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Could Email-Gate Be Hillary Clinton’s Political Undoing?

The IRS isn’t the only one with an email problem…

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Could Email-Gate Be Hillary Clinton’s Political Undoing?



Hillary Clinton

The IRS isn’t the only one with an email problem.

Two days ago, The New York Times broke a story that really shouldn’t be that surprising to those who are familiar with the unscrupulous antics of Hillary Clinton:

Hillary Rodham Clinton exclusively used a personal email account to conduct government business as secretary of state, State Department officials said, and may have violated federal requirements that officials’ correspondence be retained as part of the agency’s record.

Mrs. Clinton did not have a government email address during her four-year tenure at the State Department. Her aides took no actions to have her personal emails preserved on department servers at the time, as required by the Federal Records Act.

And it gets even better – during her tenure as secretary of state, Clinton not only used a personal email account, she also used her own email server instead of using a third-party provider like Gmail or Yahoo Mail, Time reports:

Clinton used a private email server registered back to her family’s home in Chappaqua, N.Y., the AP reports. That means she or someone working for her physically ran her own email, giving her wide-ranging control over her message archives. It also could have made her emails more vulnerable to hackers or physical disasters like fires or floods.

But who set this up for Clinton? Unless ol’ Hilldog possesses some as-yet unpublicized technical wizardry skills, it was likely someone else.

The AP traced Clinton’s private email server to the name Eric Hoteham. But that name doesn’t appear in public records databases, campaign contribution records, or Internet background searches.

Mysteriously, Hoteham was listed as the customer at Clinton’s $1.7 million home on Old House Lane in Chappaqua in records registering the Internet address for her email server since August 2010.

The Hoteham name is also associated with a separate email server, presidentclinton.com, and a non-functioning website, wjcoffice.com, all linked to the same residential Internet account as Clinton’s email server.

The AP may have discovered who Hoteham is:

An aide to then-first lady Clinton was identified in a 2002 congressional report as Eric Hothem, whose name is spelled differently than in the Internet records. Hothem, a financial adviser in Washington, was not available to take a phone call when reached at his office Wednesday. He was a special assistant to Clinton as far back as 1997, and considered one of the family’s information technology experts.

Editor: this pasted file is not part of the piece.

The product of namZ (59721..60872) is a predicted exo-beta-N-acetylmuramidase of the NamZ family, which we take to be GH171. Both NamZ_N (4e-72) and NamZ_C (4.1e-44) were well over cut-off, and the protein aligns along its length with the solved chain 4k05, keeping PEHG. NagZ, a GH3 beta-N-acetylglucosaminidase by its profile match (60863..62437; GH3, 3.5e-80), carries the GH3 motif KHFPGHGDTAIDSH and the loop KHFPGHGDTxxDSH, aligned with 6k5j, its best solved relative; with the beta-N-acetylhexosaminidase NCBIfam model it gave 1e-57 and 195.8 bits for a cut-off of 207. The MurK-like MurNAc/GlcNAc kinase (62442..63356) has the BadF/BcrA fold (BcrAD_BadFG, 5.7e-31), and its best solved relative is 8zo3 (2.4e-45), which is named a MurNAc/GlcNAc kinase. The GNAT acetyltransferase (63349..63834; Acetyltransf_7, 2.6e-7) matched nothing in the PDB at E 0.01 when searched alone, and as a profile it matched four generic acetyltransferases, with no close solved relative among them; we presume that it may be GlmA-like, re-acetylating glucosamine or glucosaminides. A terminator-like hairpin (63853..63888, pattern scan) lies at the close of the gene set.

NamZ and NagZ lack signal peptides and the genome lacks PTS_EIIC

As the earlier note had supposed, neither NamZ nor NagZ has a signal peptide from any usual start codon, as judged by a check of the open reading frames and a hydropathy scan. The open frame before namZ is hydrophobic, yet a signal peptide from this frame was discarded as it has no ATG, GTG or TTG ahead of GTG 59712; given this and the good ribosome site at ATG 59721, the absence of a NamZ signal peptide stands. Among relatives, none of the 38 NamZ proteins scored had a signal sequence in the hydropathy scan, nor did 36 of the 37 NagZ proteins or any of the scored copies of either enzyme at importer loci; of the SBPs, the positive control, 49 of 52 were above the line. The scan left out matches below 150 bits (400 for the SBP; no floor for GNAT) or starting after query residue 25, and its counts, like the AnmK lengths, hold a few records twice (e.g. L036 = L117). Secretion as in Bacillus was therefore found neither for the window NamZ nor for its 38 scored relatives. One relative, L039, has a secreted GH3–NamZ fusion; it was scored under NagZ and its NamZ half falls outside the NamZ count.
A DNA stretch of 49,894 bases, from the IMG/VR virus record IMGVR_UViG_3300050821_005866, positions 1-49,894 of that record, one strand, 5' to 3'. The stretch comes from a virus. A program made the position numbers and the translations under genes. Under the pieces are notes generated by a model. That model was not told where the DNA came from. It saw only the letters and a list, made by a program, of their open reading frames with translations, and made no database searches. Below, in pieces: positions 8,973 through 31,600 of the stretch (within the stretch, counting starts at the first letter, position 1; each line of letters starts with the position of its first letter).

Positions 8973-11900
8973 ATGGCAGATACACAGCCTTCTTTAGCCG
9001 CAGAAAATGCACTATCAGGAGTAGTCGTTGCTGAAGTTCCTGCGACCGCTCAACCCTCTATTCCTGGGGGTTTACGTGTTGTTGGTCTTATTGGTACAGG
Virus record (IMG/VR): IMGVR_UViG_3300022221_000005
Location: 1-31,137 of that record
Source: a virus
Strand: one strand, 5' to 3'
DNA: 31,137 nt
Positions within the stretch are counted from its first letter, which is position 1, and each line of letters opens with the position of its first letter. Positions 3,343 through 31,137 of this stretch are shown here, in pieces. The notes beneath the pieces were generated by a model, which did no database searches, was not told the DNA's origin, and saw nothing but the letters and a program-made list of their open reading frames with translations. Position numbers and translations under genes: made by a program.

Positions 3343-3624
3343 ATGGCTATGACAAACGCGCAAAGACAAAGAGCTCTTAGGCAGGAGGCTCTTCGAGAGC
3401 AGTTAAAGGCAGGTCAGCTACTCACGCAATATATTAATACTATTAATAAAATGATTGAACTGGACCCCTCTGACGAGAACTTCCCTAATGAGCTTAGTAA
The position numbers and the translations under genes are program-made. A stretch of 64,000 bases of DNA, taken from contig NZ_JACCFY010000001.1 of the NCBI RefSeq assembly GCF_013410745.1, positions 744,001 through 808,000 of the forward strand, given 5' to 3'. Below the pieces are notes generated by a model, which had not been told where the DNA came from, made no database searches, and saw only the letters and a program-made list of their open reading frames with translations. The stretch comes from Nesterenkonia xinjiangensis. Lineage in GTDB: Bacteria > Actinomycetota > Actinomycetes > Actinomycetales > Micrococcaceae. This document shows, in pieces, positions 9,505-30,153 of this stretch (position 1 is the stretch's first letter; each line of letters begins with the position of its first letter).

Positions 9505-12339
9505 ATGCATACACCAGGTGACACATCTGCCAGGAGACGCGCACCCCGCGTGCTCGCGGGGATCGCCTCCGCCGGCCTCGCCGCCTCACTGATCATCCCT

And the plot thickens…

Hothem, the former Clinton aide, surfaced in at least two Clinton administration controversies. A congressional report in 2002 investigating pardons said a Citibank account linked to Hothem wired $15,000 to President Clinton’s brother, Roger, in March 2001, while investigators were trying to compel Roger Clinton to testify about his role in several pardon cases. The president’s lawyer told investigators the money came from a personal account of the Clintons and was intended for Clinton’s brother to hire a lawyer.

In early 2001, Hothem was also named by a former White House chief usher as saying the Clintons were permitted to take furniture when they left the White House that later was determined to belong to the government.

Sue Hothem, his wife, is a well-known fundraiser and political consultant in Washington. Last year, she was named a vice president for the technology lobbying group TechNet. It said she previously headed development efforts for the Democratic Leadership Council and the Progressive Policy Institute. (source)

Clinton’s private email account surfaced publicly in March 2013 after a convicted Romanian hacker known as Guccifer published emails stolen from former White House adviser Sidney Blumenthal. The Internet domain was registered around the time of her secretary of state nomination.

Her reliance on a private email address (one of which was hrd22@clintonemail.com) is certainly suspicious (like many things associated with Killary). While using a private email account may not have been against the law, it was definitely unethical: